Barber and Osgerby turns to traditional Japanese craft for Hotaru lighting collection
London Design Festival 2015: design duo Edward Barber and Jay Osgerby worked with age-old methods of production in Japan to create a range of paper lanterns.
The collection named Hotaru – meaning firefly – features lanterns with washi paper shades made from mulberry bark, housed on frames constructed from bamboo wire.
The Double Bubble lamp is made from twin spheres joined together, while the Buoy light mimics the shape of a floating marine device. Each of the designs is available in two sizes, and have been created to be displayed singularly or in groups.
The lamps have been launched in partnership with London design store twentytwentyone, and were crafted by the family-run Ozeki & Co Ltd – a Japanese company that has been using traditional methods to make paper lanterns sine 1891.
Barber told Dezeen he arranged a meeting with the company while on holiday in Japan and travelling through the city of Gifu. "It's a handful of guys who work on really simple wooden frames with this bamboo wire, and a paintbrush and glue," he said. "These are the most beautifully handmade lanterns, I think, in the world."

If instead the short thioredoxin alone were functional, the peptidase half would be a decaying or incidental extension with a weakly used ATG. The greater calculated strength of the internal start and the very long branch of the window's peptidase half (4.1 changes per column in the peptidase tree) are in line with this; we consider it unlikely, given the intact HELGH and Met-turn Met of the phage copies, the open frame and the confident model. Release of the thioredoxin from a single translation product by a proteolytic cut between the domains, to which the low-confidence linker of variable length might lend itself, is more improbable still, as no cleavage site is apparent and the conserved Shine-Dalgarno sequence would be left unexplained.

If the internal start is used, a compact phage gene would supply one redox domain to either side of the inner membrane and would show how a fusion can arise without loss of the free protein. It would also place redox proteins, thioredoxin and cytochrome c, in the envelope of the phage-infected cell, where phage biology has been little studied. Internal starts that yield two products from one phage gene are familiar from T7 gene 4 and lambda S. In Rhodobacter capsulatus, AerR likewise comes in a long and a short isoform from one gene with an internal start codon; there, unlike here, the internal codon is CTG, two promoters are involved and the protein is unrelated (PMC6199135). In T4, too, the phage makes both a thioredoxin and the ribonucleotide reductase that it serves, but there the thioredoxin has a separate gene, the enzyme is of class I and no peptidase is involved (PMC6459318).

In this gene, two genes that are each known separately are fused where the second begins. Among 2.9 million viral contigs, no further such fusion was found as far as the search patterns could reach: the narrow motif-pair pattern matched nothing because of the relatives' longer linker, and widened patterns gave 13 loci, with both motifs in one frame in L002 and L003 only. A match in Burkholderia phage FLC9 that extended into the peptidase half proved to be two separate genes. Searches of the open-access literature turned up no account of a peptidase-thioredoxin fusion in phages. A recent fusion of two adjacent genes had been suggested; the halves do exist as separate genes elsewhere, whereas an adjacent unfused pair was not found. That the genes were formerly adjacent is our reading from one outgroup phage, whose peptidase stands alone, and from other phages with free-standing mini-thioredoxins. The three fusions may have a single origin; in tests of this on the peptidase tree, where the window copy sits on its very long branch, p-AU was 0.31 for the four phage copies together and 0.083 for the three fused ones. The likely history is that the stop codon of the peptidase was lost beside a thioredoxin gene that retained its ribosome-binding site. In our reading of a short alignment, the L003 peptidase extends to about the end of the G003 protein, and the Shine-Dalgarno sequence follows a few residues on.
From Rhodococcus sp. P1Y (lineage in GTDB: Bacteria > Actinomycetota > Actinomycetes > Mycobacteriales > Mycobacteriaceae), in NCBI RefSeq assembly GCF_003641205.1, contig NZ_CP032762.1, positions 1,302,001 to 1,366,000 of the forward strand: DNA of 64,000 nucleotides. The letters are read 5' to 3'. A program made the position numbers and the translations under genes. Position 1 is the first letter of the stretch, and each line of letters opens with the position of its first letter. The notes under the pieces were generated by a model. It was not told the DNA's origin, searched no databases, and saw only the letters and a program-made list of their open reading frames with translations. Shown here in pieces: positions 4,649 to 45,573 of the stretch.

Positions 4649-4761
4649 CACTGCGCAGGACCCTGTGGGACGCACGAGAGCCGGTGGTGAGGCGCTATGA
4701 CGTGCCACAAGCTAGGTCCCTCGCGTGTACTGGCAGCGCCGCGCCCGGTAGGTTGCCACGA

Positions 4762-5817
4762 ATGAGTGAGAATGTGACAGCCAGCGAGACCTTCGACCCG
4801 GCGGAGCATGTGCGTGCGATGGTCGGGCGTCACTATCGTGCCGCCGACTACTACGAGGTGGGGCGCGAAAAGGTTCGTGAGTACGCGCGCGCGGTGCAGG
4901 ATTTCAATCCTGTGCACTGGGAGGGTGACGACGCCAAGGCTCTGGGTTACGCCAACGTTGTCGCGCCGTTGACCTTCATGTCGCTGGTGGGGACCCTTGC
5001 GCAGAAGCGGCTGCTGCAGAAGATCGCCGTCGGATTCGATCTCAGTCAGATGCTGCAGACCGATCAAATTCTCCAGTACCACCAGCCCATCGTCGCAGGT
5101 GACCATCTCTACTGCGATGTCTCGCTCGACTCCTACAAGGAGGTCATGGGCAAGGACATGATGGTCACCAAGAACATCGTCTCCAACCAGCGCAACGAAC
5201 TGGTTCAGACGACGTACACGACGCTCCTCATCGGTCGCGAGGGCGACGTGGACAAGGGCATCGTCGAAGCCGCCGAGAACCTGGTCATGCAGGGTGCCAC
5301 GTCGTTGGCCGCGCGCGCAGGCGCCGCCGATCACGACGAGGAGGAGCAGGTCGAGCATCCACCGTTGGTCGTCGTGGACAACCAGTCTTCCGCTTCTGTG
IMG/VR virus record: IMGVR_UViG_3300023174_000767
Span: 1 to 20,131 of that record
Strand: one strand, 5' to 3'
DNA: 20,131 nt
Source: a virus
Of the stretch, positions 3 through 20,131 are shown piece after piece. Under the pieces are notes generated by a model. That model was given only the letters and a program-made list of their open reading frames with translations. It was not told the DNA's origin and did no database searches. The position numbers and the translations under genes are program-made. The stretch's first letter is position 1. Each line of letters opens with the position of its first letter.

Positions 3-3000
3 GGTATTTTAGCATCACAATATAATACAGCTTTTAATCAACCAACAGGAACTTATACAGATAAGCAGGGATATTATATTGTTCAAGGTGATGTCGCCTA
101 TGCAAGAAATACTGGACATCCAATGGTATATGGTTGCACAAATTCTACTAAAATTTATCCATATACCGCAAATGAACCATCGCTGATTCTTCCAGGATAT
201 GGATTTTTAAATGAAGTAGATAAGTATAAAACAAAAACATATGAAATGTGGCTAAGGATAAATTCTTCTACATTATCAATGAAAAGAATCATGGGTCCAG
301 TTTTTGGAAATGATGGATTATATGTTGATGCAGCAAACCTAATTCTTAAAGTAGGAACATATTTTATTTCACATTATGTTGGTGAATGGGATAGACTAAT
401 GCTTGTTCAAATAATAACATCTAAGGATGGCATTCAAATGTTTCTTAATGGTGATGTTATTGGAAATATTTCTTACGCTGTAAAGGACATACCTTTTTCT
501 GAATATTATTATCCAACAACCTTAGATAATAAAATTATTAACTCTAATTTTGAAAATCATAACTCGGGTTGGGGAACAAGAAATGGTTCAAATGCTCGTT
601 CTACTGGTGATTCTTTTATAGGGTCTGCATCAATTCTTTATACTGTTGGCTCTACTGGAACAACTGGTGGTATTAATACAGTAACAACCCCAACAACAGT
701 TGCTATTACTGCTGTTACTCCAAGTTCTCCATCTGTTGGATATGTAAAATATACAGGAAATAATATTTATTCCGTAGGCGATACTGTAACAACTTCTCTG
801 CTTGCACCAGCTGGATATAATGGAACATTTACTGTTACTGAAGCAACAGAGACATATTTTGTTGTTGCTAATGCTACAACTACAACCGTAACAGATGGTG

In 1953 Ozeki & Co worked with designer Isamu Noguchi to produce the iconic Akari light sculptures, and although the company has partnered with several Japanese artists, it rarely collaborates with other designers. After some discussion, they agreed to work with the duo on a range of lighting.
"It takes time, and we're just starting with these two designs – two shapes, and in two sizes," Barber told Dezeen. "The ambition is to develop a range of different styles with patterns and all kinds of things."
The lights were revealed at twentytwentyone as part of London Design Festival 2015, which ran from 19 to 27 September.
The duo, who were the recipients of this year's London Design Medal created two huge mirrored structures at the V&A's Raphael Gallery for last year's festival.
The duo recently spoke to Dezeen about the future of London, claiming that rent rises, education funding cuts and a government that didn't value creativity could all contribute to the demise of its status as a leading creative city.